The X-Files: Fight the Future was the first movie I ever saw alone. I shouldn’t have bothered. Armed with good intentions, the producers didn’t want to alienate people who hadn’t seen the series, so the plot was kept simple and uninteresting.
Exponentially better than its sequel, The X-Files: I Want to Believe, where the replacement teacher on “Head of the Class” plays a pedophile priest who cuts his own Bill Clinton off.
Wilde starred unknown A-list English hotties engaging in gay sex. Unfortunately, they engage in it with Stephen Fry. Michael Sheen was so convincing that it took having a kid and sixteen years of high profile relationships with women for me to be open to the idea that he might not be gay. He got hot with age. Jude Law plays Wilde’s petulant lover. He got less hot with age. Orlando Bloom played a prostitute. He’s always been hot.
Callie dragged me to this one at an art-house theater in DuPont Circle. Sadly, I didn’t know the works of Oscar Wilde, so the movie held little context except that of soft-core porn. I once took offense when I learned a boyfriend told his friend that I wasn’t well-read. In hindsight, the criticism was poor grounds for the breakup I initiated; especially since it was true.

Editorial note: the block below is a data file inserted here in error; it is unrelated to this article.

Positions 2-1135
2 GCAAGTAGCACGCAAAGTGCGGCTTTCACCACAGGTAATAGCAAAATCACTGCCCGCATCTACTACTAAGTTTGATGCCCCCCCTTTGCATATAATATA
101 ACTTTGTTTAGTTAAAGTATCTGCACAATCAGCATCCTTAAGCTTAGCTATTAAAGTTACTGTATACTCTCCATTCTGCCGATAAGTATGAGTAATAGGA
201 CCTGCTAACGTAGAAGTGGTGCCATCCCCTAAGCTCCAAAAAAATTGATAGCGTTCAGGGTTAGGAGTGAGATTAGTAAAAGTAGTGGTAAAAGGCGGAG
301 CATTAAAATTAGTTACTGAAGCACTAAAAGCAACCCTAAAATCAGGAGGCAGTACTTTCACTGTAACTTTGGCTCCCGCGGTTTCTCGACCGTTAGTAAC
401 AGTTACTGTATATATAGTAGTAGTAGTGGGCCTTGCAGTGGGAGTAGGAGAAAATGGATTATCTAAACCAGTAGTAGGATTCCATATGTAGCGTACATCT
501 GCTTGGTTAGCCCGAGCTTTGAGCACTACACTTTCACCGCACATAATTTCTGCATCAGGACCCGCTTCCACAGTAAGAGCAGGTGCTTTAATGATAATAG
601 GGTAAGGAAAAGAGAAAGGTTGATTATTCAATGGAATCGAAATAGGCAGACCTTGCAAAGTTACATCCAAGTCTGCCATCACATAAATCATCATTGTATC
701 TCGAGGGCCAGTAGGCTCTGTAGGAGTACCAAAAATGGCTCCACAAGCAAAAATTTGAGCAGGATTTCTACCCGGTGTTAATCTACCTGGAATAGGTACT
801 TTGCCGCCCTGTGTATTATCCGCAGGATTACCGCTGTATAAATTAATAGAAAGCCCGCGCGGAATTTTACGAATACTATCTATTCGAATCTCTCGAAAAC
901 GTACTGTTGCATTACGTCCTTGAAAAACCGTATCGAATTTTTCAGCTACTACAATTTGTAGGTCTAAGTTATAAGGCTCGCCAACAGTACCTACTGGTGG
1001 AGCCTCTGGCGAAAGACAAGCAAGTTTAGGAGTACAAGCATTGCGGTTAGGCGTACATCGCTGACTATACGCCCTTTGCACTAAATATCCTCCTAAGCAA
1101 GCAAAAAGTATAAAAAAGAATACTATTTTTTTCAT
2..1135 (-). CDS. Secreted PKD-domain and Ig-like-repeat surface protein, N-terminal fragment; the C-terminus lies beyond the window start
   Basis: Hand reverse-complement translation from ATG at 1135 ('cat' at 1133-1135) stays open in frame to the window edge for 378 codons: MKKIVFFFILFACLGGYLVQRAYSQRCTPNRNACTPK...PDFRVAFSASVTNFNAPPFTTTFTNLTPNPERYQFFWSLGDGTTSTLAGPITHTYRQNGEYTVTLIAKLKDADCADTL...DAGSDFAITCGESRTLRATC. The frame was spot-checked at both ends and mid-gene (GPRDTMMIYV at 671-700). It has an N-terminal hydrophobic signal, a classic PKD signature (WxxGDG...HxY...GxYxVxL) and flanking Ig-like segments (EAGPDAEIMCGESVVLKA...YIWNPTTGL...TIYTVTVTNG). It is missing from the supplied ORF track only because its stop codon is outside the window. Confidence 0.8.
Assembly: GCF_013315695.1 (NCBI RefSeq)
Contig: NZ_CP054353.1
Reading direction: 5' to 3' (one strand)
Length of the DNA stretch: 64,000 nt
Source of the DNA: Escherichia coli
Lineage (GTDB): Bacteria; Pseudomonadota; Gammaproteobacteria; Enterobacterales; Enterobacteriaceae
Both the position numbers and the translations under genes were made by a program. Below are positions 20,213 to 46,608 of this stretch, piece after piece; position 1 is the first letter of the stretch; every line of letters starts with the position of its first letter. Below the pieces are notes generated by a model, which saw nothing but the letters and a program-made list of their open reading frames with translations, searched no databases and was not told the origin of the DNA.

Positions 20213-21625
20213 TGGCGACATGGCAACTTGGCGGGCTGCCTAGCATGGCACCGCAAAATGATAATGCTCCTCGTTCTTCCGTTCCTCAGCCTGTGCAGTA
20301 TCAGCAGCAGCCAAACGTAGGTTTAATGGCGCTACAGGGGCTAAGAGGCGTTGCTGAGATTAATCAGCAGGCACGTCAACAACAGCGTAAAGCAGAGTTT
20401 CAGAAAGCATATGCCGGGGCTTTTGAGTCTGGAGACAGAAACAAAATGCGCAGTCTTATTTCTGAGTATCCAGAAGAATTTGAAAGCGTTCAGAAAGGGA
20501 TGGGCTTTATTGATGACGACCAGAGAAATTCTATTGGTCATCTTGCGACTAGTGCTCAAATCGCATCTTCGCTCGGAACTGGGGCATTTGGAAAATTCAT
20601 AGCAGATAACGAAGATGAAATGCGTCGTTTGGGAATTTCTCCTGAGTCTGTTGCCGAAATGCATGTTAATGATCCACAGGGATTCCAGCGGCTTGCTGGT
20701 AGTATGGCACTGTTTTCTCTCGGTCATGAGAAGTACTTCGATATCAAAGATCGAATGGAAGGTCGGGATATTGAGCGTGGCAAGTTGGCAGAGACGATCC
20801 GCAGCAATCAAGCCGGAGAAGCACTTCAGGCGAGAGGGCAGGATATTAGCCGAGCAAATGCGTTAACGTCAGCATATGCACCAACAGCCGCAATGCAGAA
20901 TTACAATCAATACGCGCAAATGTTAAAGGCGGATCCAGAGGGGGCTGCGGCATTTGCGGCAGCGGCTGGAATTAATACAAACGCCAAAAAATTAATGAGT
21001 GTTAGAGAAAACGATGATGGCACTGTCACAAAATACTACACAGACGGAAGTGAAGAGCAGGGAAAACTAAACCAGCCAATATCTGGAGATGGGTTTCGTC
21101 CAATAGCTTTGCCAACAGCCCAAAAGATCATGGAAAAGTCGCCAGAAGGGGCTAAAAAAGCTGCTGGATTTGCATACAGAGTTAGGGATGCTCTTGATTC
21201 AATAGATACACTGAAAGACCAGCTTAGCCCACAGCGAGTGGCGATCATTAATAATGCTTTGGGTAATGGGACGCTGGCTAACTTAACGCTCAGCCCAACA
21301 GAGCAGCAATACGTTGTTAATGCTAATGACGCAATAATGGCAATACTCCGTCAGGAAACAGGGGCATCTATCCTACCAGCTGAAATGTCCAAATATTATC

The Opposite of Sex was the critical indie darling that summer. Career-making turn for Cristina Ricci who shed her Addams Family image, only to start taking advice from the people who probably managed Mira Sorvino. The last good thing she was in was “Pan Am.” “Pan Am” was canceled.
Putty actually went to private school with Cristina Ricci for a while. Everyone kept calling her Wednesday, so she transferred. You think the chick that would later star in Black Snake Moan would have thicker skin than that.